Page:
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Entries from September 2011

Why Sting?

September 30th, 2011 · 9 Comments

A bit of shameless speculation about why the FBI expends so much time and energy setting up goofballs like Rezwan Ferdaus, who it seems hard to believe would manage to translate their angry fantasies into serious threats without outside help. The relative paucity of sophisticated, coordinated plots not enabled by the FBI over the past […]

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Tags: War

Heisenberg, “Harmless Torture,” and Cyberbullying

September 25th, 2011 · 6 Comments

A typically insightful post from danah boyd examines why campaigns against “bullying” and, perhaps especially, “cyberbullying” so seldom manage to accomplish much. Part of the trouble, boyd argues, is that teens are reluctant to see themselves either as victims or aggressors, and therefore define as mere “drama” much behavior that adults are prone to class […]

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Tags: Moral Philosophy · Sociology

“Hypocrisy” and Government Largesse (A One-Act Play)

September 23rd, 2011 · 7 Comments

Scene: Friday evening, 9 p.m., a group of friends are gathered around a living room table for poker night. Harry: OK, folks, snack time. I’m thinking we should order a couple pies from that new gourmet pizza place. Darrell: What, Mama Solyndra’s? That place is so overpriced! Let’s just go with some chips and salsa […]

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Tags: Economics · Horse Race Politics · Journalism & the Media

CEOs in Comics: Villains Earn, Heroes Inherit

September 21st, 2011 · 66 Comments

While the ruthless corporate CEO as villain is pretty much a stock character in modern pop culture, superhero comics have always conspicuously placed successful businessmen on both sides of the hero/villain divide. Yet an interesting, and perhaps counterintuitive, pattern recently occurred to me. Just off the top of my head, here are some of the […]

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Tags: Art & Culture

Ronald Dworkin: Heartless Libertarian?

September 21st, 2011 · 25 Comments

Ronald Dworkin is probably the most prominent living liberal political philosopher in the United States. Unsurprisingly, he favors a national system of universal healthcare. But at a philosophical level, Dworkin also very clearly holds exactly the same position a lot of viewers seem to regard as not simply wrong, but self evidently monstrous when it […]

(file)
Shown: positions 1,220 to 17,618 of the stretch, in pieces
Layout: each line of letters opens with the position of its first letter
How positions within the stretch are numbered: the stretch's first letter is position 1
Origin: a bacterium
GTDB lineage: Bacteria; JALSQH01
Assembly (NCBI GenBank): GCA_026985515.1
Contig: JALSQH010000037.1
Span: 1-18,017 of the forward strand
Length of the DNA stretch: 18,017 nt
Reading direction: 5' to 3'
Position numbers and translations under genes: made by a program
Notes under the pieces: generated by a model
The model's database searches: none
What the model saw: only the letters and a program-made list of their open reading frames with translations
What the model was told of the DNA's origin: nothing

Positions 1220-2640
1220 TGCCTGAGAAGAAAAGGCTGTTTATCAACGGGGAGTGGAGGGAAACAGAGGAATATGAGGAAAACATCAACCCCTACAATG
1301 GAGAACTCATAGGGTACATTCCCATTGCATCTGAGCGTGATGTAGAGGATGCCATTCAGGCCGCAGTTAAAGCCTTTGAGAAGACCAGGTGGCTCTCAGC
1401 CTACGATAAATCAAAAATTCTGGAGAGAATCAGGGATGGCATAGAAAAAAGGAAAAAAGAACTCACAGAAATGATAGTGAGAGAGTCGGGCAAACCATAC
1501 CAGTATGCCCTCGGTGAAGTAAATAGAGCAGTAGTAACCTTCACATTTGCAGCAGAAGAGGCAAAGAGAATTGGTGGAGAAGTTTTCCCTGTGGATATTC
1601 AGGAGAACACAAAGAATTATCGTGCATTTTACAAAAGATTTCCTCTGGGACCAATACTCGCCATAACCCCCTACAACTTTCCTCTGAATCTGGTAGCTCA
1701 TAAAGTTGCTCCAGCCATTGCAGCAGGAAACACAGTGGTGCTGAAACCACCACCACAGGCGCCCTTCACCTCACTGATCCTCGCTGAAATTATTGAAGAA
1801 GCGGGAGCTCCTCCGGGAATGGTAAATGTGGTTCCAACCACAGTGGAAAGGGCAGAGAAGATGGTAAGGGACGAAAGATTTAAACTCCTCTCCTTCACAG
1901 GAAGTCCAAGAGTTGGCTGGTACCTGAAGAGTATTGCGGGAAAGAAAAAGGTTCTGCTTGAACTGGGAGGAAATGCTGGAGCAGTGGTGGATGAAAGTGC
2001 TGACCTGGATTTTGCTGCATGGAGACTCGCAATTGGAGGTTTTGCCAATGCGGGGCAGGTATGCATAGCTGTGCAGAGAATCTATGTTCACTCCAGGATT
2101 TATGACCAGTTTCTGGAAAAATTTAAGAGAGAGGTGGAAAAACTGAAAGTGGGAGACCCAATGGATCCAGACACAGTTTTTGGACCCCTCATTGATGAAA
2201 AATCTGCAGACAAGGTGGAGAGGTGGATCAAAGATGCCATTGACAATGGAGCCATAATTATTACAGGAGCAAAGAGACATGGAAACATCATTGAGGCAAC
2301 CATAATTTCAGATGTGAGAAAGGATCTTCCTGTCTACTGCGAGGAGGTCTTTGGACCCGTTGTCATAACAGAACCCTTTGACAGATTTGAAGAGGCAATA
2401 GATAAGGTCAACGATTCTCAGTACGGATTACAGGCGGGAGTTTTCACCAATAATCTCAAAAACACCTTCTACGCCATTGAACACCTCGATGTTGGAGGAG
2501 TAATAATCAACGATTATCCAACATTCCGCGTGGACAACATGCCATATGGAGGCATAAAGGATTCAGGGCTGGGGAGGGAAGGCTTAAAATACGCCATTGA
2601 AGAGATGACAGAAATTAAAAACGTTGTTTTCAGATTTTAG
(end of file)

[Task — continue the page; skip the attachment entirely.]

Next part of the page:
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Tags: Moral Philosophy

Why Yahoo’s “Occupy Wall Street” Block Actually Matters

September 20th, 2011 · 2 Comments

Yahoo found itself at the focus of some brief fuss today, after their e-mail service’s spam and malware filters started blocking many emails that contained the phrase “Occupy Wall Street” or linking OccupyWallStreet.org in connection with an ongoing protest that had attracted some 3,000–5,000 people over the weekend, with a few hundred die-hards remaining on […]

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Tags: Tech and Tech Policy

Living High and Letting Die

September 19th, 2011 · 16 Comments

I’ve seen plenty of outraged online discussion over past week concerning this exchange—and especially the audience reaction to it—from the recent Tea Party debate: “A healthy, 30-year-old young man has a good job, makes a good living, but decides: You know what? I’m not going to spend 200 or 300 dollars a month for health […]

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Tags: Moral Philosophy

He’s My Favorite Fictional Character!

September 19th, 2011 · 30 Comments

As a young boy, I was an avid reader of a series of biographical picture books called ValueTales, which illustrated such virtues as confidence, kindness, and imagination through lightly fictionalized accounts of the lives of historical worthies ranging from Confucius to Louis Pasteur and Harriet Tubman. At the same time, I was enamored of ancient […]

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Tags: Art & Culture · Religion

Quick Thought on the Netflix Split

September 19th, 2011 · 9 Comments

As the Internet scratches its Hydra-head over Netflix’s announcement that it’s splitting off its DVD-by-mail rental service under the unlovely heading of “Qwikster,” Tim Lee tweets that Bill Gurley’s speculation is the most plausible explanation he’s seen for a move consumers seem to be universally panning: So here is what I think happened with Netflix’s […]

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Tags: Art & Culture · Economics

Wiretap Law Online: A Second Look at Paxfire

September 14th, 2011 · 2 Comments

A few days ago, Ars Technica asked me to comment on a class action lawsuit against Paxfire, a company that partners with Internet Service Providers for the purpose of “monetizing Address Bar Search and DNS Error traffic.” The second half of that basically means fixing URL typos, so when you accidentally tell your ISP you […]

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Tags: Privacy and Surveillance · Tech and Tech Policy